Lionel Richie Sings a Different Tax Tune

By Ken Berry
 
Celebrity tax troubles aren't limited to the Lindsay Lohans of the world. Even those with untarnished reputations like Lionel Richie can go afoul of the IRS. The legendary singer, who rose to fame with the Commodores and then carved out a highly successful solo career, has been slapped with a tax lien of $1.1 million by the IRS for unpaid income taxes attributable to the 2010 tax year.
 
Richie is one of the top-selling recording artists of all time. He's garnered more than twenty-five gold and platinum records through the years and just released a new album, Tuskegee, which has rapidly climbed the charts. 
 
Talking Points
  • Taxpayer problems can occur in a business with income peaks and valleys.
  • The tax penalties can reach close to 50 percent of the initial tax burden.
  • The IRS will apply interest charges on the unpaid amount of tax and the penalties.
  • Frequently, a taxpayer will be socked with multiple liens for multiple years.
"I was recently made aware of the situation by my new team, and it is being handled immediately," Richie said in a prepared statement. He's had no history of financial problems in the past.
 
Entertainers and star athletes who suddenly earn large sums of money often neglect their tax liabilities. To be fair, they usually rely on professional advisors to handle these matters. In a business where peaks and valleys are common, they could be forced to hand over the keys to their mansions and stable of luxury cars if they can't come up with the cash. It doesn't appear that Richie has reached that point.
 
The IRS files tax liens in county courthouses when it believes taxpayers aren't cooperating. It doesn't publicize the liens, nor do the records show when taxpayers are working with the IRS to settle the shortfall. As a result, the tax debts of the "rich and famous" can go undetected for years, until one of the entertainment media outlets breaks the news.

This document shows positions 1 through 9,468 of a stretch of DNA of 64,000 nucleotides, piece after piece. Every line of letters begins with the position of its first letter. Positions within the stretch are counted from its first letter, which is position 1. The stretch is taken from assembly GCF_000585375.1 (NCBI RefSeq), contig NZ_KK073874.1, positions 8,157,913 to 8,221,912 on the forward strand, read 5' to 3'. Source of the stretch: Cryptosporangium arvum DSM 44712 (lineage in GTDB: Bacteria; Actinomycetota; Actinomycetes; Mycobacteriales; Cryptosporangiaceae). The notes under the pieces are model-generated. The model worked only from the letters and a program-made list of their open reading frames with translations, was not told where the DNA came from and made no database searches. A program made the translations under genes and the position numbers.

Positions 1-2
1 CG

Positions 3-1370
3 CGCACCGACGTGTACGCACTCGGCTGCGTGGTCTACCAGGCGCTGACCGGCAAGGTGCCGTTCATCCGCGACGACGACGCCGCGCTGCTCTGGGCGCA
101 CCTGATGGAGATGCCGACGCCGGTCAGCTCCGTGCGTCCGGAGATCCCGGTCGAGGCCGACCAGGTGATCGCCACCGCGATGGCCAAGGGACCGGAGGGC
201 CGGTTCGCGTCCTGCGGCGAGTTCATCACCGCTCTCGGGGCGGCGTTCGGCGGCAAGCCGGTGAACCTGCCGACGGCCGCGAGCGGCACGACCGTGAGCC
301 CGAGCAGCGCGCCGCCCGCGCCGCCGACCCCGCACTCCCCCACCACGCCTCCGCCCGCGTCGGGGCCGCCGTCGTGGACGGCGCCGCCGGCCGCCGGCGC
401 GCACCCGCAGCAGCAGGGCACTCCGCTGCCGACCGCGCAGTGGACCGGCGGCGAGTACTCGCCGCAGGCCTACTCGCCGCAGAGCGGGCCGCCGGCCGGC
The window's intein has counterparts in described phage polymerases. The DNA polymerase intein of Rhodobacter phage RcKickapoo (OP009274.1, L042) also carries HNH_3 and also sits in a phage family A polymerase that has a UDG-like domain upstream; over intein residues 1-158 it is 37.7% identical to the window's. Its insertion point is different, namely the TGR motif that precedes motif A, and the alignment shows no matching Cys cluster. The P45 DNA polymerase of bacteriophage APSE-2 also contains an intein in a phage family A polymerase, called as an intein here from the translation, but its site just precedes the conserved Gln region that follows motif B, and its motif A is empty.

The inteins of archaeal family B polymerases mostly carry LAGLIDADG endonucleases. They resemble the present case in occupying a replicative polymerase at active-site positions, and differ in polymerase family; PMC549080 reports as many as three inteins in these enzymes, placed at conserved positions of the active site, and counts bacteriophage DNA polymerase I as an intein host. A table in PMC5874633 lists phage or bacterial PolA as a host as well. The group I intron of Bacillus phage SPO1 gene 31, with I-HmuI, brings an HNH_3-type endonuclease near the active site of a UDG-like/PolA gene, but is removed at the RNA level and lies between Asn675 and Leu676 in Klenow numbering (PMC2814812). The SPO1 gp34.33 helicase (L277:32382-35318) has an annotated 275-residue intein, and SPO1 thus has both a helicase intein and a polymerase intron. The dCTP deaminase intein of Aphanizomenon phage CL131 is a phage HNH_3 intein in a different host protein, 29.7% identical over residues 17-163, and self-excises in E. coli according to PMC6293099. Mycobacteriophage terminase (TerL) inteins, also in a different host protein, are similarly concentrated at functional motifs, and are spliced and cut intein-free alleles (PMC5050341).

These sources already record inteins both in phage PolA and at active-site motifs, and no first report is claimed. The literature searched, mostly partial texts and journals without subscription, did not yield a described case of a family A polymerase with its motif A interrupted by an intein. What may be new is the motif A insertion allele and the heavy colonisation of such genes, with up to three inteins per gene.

The tax penalties can reach close to 50 percent of the initial tax burden. Then the IRS applies interest charges on the unpaid amount of tax and the penalties. Frequently, an entertainer will be socked with multiple liens for multiple years. 
 
Related articles:

You may like these other stories...

Federal judge tosses IRS lawsuitsBernie Becker of The Hill reported that a federal judge sided with the IRS on Thursday, tossing out two lawsuits filed against the tax agency over its improper scrutiny of Tea Party groups...
Amidst the dark clouds hovering over the IRS this year—ranging from the lingering Tea Party scandal to other improprieties to damaging budget cuts—at least there's a ray of sunshine in a new report from the...
SEC, Big Four Chinese affiliates make progress in talks over audit documentsMichael Rapoport of the Wall Street Journal reported that the US Securities and Exchange Commission (SEC) and the Chinese affiliates of the Big Four...

Already a member? log in here.

Upcoming CPE Webinars

Oct 30Many Excel users have a love-hate relationship with workbook links.
Nov 5Join CPA thought leader and peer reviewer Rob Cameron and learn ways to improve the outcome of your peer reviews while maximizing the value of your engagement workflow.
Nov 12This webcast presents basic principles of revenue recognition, including new ASU 2014-09 for the contract method. Also, CPAs in industries who want a refresher on revenue accounting standards will benefit.
Nov 18In this session Excel expert David Ringstrom, CPA tackles what to do when bad things happen to good spreadsheets.